One day we had been outside working in the yard and he had been out most of the day with us. Everything about the day was normal and routine. Shortly after we came inside for the evening, we noticed that Alex was dragging his left hind leg as if he could not control it. He exibited no pain, was not on any pain medication, and was acting normal except for the loss of control of this leg. I took him to the ER immediately to have him examined. In the 15 minute trip, he was now unable to use either of his hind legs and his anxiety level over this was noticeable. The ER took xrays and we discussed his Spondylosis condition. Their diagnosis was either a damage (ruptured or bulding disc) or a fibrocartilaginous embolism or FCE for short. The FCE is also referred to as a stroke of the spinal cord. Our options for recovery were limited and surgery on the spine was his best chance. An MRI on the spine would reveal more information and determine if surgery would be helpful. The closest facility capable of performing the MRI was a little more than an hour away, so he spent the night in the ER for monitoring. The next morning he was seen by the Neurological specialist and the MRI confirmed that Alex had suffered a FCE. The specialist assured me that the pre-existing Spondylosis did not contribute to or cause the FCE, it was just a random event or accident. I was told that normally, with physical therapy and treatment, recovery from this was good. In rare circumstances the FCE causes damage to the spine that then begins another condition and the spine litteraly starts to die, traveling in both directions from the point of injury. This rare condition is what we were facing. The spinal cord dying was slowly paralysing his entire body and would result in death in a couple of days. At this time we decided to make the hard decision to let him go.

We wouldn't trade our time together for anything and thought that sharing this experience may be helpful to others that are diagnosed with arthritic joints or Spondylosis as the Adequan injections really gave him a normal last few months.
 

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Thank you for sharing your story and I am so sorry for you loss. You did everything you could and you made the right decision. Cherish the good times :)
 

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So sorry for your loss! Another dog lost much to soon. I had never heard of this?? In essence it sounds like a fast acting form of DM???

Boxers are beautiful, goofy, people loving dogs and they fill our lives with joy! But it seems that a lot of us when we bring a Boxer into our lives can be jumping on board the "Heartbreak Express!"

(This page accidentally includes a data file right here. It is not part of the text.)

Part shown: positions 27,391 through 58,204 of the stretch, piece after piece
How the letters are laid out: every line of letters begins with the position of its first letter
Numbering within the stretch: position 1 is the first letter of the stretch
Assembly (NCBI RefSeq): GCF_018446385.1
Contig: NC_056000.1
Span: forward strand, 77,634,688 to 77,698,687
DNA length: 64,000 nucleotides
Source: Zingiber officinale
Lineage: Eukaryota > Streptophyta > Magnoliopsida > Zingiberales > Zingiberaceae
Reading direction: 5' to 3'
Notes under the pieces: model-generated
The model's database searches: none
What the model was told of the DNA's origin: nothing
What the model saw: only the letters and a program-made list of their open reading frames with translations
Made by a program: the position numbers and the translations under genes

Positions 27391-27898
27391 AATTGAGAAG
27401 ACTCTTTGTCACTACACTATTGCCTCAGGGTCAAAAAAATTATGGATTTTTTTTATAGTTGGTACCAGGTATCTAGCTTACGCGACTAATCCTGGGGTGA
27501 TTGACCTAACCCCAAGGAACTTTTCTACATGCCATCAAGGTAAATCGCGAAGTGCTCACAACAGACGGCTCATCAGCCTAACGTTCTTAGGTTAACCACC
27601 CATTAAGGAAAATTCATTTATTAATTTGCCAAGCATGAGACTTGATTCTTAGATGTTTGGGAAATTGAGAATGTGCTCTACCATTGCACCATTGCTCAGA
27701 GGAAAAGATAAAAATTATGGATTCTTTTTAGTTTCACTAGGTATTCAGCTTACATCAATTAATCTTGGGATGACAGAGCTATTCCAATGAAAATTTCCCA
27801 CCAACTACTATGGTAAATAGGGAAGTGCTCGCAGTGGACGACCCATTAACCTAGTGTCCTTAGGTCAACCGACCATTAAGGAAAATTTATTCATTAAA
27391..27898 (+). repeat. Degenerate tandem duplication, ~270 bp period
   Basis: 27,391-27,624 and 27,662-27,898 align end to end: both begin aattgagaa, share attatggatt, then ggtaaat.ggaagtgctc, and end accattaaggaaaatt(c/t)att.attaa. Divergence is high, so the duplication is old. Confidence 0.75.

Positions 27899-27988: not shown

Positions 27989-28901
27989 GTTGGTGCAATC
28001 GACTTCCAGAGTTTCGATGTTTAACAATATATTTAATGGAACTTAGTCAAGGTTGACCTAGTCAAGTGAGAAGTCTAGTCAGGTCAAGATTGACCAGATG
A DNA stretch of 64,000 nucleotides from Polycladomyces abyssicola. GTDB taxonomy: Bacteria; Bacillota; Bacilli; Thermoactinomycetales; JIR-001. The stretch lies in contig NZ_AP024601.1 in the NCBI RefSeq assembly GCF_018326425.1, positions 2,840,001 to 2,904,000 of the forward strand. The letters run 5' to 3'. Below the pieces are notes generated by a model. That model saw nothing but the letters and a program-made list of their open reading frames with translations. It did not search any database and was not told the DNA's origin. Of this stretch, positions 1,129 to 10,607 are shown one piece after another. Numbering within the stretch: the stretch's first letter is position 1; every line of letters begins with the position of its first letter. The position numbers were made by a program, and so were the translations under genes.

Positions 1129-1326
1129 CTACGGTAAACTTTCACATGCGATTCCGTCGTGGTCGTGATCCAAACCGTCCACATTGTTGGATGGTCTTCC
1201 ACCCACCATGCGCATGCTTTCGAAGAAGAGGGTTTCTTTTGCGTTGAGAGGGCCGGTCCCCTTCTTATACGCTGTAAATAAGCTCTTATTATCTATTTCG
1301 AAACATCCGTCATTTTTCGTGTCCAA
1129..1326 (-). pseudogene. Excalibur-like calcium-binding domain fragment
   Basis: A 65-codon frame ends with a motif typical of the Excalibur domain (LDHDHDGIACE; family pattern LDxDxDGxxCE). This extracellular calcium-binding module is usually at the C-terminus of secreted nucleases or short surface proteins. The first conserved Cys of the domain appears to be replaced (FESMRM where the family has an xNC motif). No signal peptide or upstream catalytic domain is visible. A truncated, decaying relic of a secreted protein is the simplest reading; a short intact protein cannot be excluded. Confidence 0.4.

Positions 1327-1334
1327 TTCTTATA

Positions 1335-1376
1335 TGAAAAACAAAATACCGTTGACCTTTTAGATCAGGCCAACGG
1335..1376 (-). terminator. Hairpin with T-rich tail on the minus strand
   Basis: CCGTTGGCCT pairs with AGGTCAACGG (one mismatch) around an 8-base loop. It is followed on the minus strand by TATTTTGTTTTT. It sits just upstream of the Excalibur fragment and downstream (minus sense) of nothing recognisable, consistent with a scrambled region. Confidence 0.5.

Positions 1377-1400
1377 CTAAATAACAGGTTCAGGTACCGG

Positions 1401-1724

Sometimes... that train arrives at the station much to soon!

Next few days are going to be very hard on you and it's hard to believe now but it will get better with time.

Take Care of your self
 

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Thanks again for sharing this story. So difficult to lose a seemingly healthy fellow. I'm so sorry . Thanks you for sharing this with all of us.
 

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Thank you so much for sharing your story. How tragic. I'm so sorry for your loss :(
 

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I lost my 4 year old boxer this week and in the grieving process decided to check out the online information about boxers to help with the transition. We had experienced some health issues that I thought would be best shared in case they could be useful to someone in the future.

We have had experiences with many of the normal boxer issues. We found that dog foods or table scraps involving any kind of bird caused a highly undersirable level of flatulence. Early on we moved to a beef based food with a high level of protien which kept him very lean, muscular, and fit. Regular exercise was done both at home and at a great local doggy daycare where he could socialize, run, and swim with various breeds and play. We have Benedryl for his alergies in every car, camper, and backpack that we take with us. Alex had a love of chasing flies and bees that was insatiable, problem was he was very alergic to bee stings. I knew that joint problems and hip dysplasia were also common, so we had memory foam beds (4 of them in various parts of the house) from the beginning for comfort and support. On occasion, digestive problems would occur that required a visit to the vet to determine the cause and that is where this story really begins.